Now, right click on your new iTerm icon and click on Get Info and then check Open using Rosetta.

Open your iTerm Rosetta application and install Homebrew! Once installed you should be able to use brew install in the iTerm Rosetta application and use those installed packages seamlessly between the two environments. You won’t, however, be able to use brew install in your arm64 iTerm application (you’ll get Error: Cannot install in Homebrew on ARM processor in Intel default prefix).

Keeping Track

If you’re working in both x86 and ARM environments on your M1 Mac it is easy to lose track which iTerm you are in. We can use a little zsh-foo to help us out. Add the following snippet to the end of your ~/.zshrc:

This little snippet takes advantage of iTerm2’s custom escape codes by setting the background to Intel blue if the arch command returns i386 (which it does if running in Rosetta).

We can do one better, however, by changing our iTerm Rosetta icon. Create your own icon, or, right-click the image below and select Copy Image. Then right-click your iTerm Rosetta application and select Get Info. In the upper-left click on the icon until you see a highlight around it and then paste the new icon image (Command-V).

Launch your iTerm Rosetta application and it’s much easier to distinguish between it and your “native” version.

Detecting macOS Universal Binaries

Apple has transitioned from different instruction set architectures several times now throughout its history. First, from 680×0 to PowerPC, then from PowerPC to Intel x86.
And now, in 2020 from Intel to ARM.

During the first transition 680×0 code ran in an emulator. In subsequent transitions Apple has utilized the translation application Rosetta. From Apple’s documentation, “Rosetta is meant to ease the transition to Apple silicon, giving you time to create a universal binary for your app. It is not a substitute for creating a native version of your app.”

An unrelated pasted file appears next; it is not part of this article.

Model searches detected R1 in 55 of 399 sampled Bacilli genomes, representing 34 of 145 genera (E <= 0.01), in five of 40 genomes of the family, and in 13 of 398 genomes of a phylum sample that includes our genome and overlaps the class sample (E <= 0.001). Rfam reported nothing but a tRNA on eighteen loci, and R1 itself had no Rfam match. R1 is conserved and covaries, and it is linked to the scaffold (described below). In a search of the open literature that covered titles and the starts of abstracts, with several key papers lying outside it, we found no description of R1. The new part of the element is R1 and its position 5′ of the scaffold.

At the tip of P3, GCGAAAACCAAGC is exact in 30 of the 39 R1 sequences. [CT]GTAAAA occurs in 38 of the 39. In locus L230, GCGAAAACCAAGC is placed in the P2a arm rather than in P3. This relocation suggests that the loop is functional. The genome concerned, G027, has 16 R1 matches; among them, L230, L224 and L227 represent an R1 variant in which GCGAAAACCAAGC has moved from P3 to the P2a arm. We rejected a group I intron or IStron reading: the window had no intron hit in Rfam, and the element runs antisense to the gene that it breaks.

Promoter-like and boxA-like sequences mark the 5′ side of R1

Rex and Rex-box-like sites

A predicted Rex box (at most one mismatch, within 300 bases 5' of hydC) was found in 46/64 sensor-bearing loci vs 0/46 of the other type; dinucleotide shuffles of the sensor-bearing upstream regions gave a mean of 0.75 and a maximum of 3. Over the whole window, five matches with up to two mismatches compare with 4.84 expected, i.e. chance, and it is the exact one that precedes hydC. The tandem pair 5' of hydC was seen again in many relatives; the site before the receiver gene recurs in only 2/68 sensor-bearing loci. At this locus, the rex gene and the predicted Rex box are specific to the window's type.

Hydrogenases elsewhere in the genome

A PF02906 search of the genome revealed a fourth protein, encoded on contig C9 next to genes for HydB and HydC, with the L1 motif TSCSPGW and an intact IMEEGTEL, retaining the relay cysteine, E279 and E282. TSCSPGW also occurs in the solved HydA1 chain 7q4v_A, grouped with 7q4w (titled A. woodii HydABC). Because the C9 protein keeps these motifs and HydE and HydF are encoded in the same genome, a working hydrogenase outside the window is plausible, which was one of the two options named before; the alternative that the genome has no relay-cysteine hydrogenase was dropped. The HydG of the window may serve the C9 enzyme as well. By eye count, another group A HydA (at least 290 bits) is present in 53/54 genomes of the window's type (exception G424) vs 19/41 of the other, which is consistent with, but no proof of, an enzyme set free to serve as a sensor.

So, how can you tell if an application is already a “universal binary” that provides both x86 and ARM instructions? Open Terminal and find the application’s executable code. For standard macOS applications it is located in /Applications/ For example, Safari’s executable is at /Applications/ Now, we’re going to use the file Unix command to give us information as to the contents.

% file /Applications/ Mach-O universal binary with 2 architectures: [x86_64:Mach-O 64-bit executable x86_64] [arm64e:Mach-O 64-bit executable arm64e] (for architecture x86_64): Mach-O 64-bit executable x86_64 (for architecture arm64e): Mach-O 64-bit executable arm64e

From this you can see that the Safari binary contains executable code for both the x86_64 (Intel) architecture and arm64e (ARM).

As of this writing, November 24, 2020, a few notable applications that are already shipping universal binaries, such as Google Chrome and iTerm2. Of course, Apple’s flagship applications such as Safari, Xcode, Numbers, etc. all support the new ARM instruction set.

I’ve written a quick Ruby script to iterate through the executables in /Applications. To run on your machine:

/usr/bin/ruby -e "$(curl -fsSL"

macOS Bundle Install and OpenSSL Gem

From time to time you run into an issue that requires no end of Googling to sort through. That was my case with using bundler and the OpenSSL gem on macOS Big Sur. Your Gemfile has the following contents:

gem "openssl"

and when running bundle install you’re greeted with this nonsense:

extconf.rb:99:in `<main>': OpenSSL library could not be found. You might want to use --with-openssl-dir=<dir> option to
specify the prefix where OpenSSL is installed. (RuntimeError)
An error occurred while installing openssl (2.2.0), and Bundler cannot continue.

Using gem install “only” required the following incantation:

gem install openssl --install-dir vendor/bundle -- --with-openssl-dir=/usr/local/Cellar/openssl@1.1/1.1.1h

For the life of me, though, I couldn’t figure out how to apply the --with-openssl-dir to bundle!